Improvisation in 4e: Fave 4E Improvisations - also Wrecans Guides to improvisation beyond page 42
The Non-combatant Adventurer (aka Princess build Warlord or LazyLord)
Reality is unrealistic - and even monkeys protest unfairness
Reflavoring the Fighter : The Wizard : The Swordmage - Creative Character Collection: Bloodwright (Darksun Character) 

At full hit points and still wounded to incapacitation? you are playing 1e.
By virtue of being a player your characters are the protagonists in a heroic fantasy game even at level one
"Wizards and Warriors need abilities with explicit effects for opposite reasons. With the wizard its because you need to create artificial limits on them, they have no natural ones and for the Warrior you need to grant permission to do awesome."

 

Difference of flavor. D&D specifically has healing magic granted by divine (nearly all powerful) beings.



Just this right here.  Does this mean you disapprove of Bards, Ardents, Artificers, Shamans, and Warlords?  If so, I am afraid I can't respect your opinion in matters of gaming.

"I don't know the key to success, but the key to failure is trying to please everybody." --Bill Cosby (1937- ) Vanador: OK. You ripped a gateway to Hell, killed half the town, and raised the dead as feral zombies. We're going to kill you. But it can go two ways. We want you to run as fast as you possibly can toward the south of the town to draw the Zombies to you, and right before they catch you, I'll put an arrow through your head to end it instantly. If you don't agree to do this, we'll tie you this building and let the Zombies rip you apart slowly. Dimitry: God I love being Neutral. 4th edition is dead, long live 4th edition. Salla: opinionated, but commonly right.
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58419928 wrote:
You have to do the work first, and show you can do the work, before someone is going to pay you for it.
69216168 wrote:
If you can't understand how someone yelling at another person would make them fight harder and longer, then you need to look at the forums a bit closer.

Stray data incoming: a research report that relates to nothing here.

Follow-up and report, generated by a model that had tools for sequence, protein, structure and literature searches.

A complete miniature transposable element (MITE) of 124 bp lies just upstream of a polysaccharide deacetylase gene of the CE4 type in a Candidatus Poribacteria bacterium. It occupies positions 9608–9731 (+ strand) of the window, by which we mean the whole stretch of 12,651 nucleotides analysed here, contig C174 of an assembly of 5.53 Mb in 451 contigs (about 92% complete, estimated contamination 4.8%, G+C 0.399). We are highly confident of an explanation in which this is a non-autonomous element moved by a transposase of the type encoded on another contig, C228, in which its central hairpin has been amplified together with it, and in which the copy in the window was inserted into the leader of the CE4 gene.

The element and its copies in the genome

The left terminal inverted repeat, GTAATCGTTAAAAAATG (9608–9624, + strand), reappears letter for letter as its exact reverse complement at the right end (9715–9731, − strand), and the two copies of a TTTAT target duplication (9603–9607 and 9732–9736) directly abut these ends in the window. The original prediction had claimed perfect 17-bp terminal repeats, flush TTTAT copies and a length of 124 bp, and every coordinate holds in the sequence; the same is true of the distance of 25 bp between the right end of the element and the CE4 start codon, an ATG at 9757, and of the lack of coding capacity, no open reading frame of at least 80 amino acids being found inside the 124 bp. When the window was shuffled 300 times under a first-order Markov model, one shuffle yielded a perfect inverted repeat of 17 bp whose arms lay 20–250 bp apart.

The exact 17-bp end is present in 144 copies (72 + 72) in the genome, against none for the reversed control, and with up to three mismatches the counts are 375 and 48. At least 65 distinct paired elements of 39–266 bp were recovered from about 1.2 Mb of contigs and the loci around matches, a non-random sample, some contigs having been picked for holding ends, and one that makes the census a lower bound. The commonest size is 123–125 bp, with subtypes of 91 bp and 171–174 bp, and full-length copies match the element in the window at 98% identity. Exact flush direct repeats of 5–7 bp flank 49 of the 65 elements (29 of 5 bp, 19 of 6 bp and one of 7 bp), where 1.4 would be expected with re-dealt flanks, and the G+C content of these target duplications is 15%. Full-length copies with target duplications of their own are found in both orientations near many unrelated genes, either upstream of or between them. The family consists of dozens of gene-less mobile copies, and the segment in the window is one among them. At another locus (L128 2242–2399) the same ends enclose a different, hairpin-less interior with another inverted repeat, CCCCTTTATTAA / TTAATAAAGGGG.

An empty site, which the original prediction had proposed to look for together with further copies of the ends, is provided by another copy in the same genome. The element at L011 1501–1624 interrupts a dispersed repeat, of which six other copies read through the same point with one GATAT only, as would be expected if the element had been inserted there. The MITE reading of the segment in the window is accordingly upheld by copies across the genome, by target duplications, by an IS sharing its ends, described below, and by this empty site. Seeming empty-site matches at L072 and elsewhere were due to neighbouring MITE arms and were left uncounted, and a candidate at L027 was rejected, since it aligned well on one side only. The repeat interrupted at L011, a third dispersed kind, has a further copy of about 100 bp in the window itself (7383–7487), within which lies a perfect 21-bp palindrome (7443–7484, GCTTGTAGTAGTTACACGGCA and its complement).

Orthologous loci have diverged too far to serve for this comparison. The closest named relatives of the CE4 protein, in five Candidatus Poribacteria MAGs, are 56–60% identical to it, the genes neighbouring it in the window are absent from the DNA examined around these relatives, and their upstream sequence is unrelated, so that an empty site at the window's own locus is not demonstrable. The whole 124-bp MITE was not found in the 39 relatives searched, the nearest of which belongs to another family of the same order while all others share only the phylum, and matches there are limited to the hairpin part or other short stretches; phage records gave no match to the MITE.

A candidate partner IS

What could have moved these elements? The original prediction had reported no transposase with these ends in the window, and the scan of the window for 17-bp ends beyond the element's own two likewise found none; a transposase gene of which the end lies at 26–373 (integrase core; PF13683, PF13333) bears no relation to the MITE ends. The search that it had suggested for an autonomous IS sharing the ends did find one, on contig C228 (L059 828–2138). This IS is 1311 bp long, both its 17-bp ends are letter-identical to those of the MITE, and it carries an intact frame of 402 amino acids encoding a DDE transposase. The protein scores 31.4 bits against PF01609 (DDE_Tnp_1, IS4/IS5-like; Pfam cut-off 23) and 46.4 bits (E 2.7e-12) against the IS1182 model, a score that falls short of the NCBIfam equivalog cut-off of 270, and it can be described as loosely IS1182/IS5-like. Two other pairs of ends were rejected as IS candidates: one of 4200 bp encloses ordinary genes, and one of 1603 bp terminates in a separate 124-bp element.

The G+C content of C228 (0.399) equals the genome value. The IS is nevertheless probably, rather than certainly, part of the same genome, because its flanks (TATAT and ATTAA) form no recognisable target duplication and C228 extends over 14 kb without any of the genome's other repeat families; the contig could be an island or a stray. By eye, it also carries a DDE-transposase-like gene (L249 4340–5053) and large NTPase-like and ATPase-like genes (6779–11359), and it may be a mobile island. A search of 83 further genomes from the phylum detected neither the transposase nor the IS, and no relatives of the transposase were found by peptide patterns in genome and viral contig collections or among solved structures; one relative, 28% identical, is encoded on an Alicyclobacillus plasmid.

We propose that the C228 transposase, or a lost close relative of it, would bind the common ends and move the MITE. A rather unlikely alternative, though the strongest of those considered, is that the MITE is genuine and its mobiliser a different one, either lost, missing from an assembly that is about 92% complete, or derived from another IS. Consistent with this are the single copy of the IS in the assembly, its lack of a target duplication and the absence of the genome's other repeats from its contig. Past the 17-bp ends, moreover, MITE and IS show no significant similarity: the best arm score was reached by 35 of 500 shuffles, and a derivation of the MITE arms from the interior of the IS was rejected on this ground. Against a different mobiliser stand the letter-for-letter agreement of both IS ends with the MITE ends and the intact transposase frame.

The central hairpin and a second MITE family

quote author=56832398 post=519321747]Considering DnD is a game wouldn't all styles be gamist?[/quote]


So basically, you'd like there to be a hard mode in the system?  Provided they provide an easy mode as well, I'm game. Pun totally intended.



Ideally, I would like what i suggested to be the default. An easy mode could be released as a Basic D&D line, like in the past.
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LIFE CYCLE OF A RULES THREAD

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Thank_Dog wrote:

2Chlorobutanal wrote:
I think that if you have to argue to convince others about the clarity of something, it's probably not as objectively clear as you think.

No, what it means is that some people just like to be obtuse.

 Faith healing... the faith healers of real life will tell you its dependent on the subject even. ;p
  Creative Character Build Collection and The Magic of King's and Heros  also Can Martial Characters Fly? 

Improvisation in 4e: Fave 4E Improvisations - also Wrecans Guides to improvisation beyond page 42
The Non-combatant Adventurer (aka Princess build Warlord or LazyLord)
Reality is unrealistic - and even monkeys protest unfairness
Reflavoring the Fighter : The Wizard : The Swordmage - Creative Character Collection: Bloodwright (Darksun Character) 

At full hit points and still wounded to incapacitation? you are playing 1e.
By virtue of being a player your characters are the protagonists in a heroic fantasy game even at level one
"Wizards and Warriors need abilities with explicit effects for opposite reasons. With the wizard its because you need to create artificial limits on them, they have no natural ones and for the Warrior you need to grant permission to do awesome."

 

Artificers can use anyone's surges to power their primary healing ability.  

As someone that was psyched about 4e but wound up disappointed with it, I still think healing surges and creating healers that weren't clerics was the best addition to the game.  Clerics or druids were never popular in my main group and I doubt they will be in the future.  My favorite 4e character was an artificer, while I never would have entertained the idea of playing a cleric personally.  In 4e we've had a Leader character in every group, due almost entirely on them not having to play a cleric (although we did have one cleric as well, but that was a non-regular sitting in on a few adventures).
To me miracles need to be less affected by mortal sleep cycles they should in fact be used as encouragement for pressing on, the divine rewards heros who persevere that sort of thing. 

Miracles of no game I can think of are done right.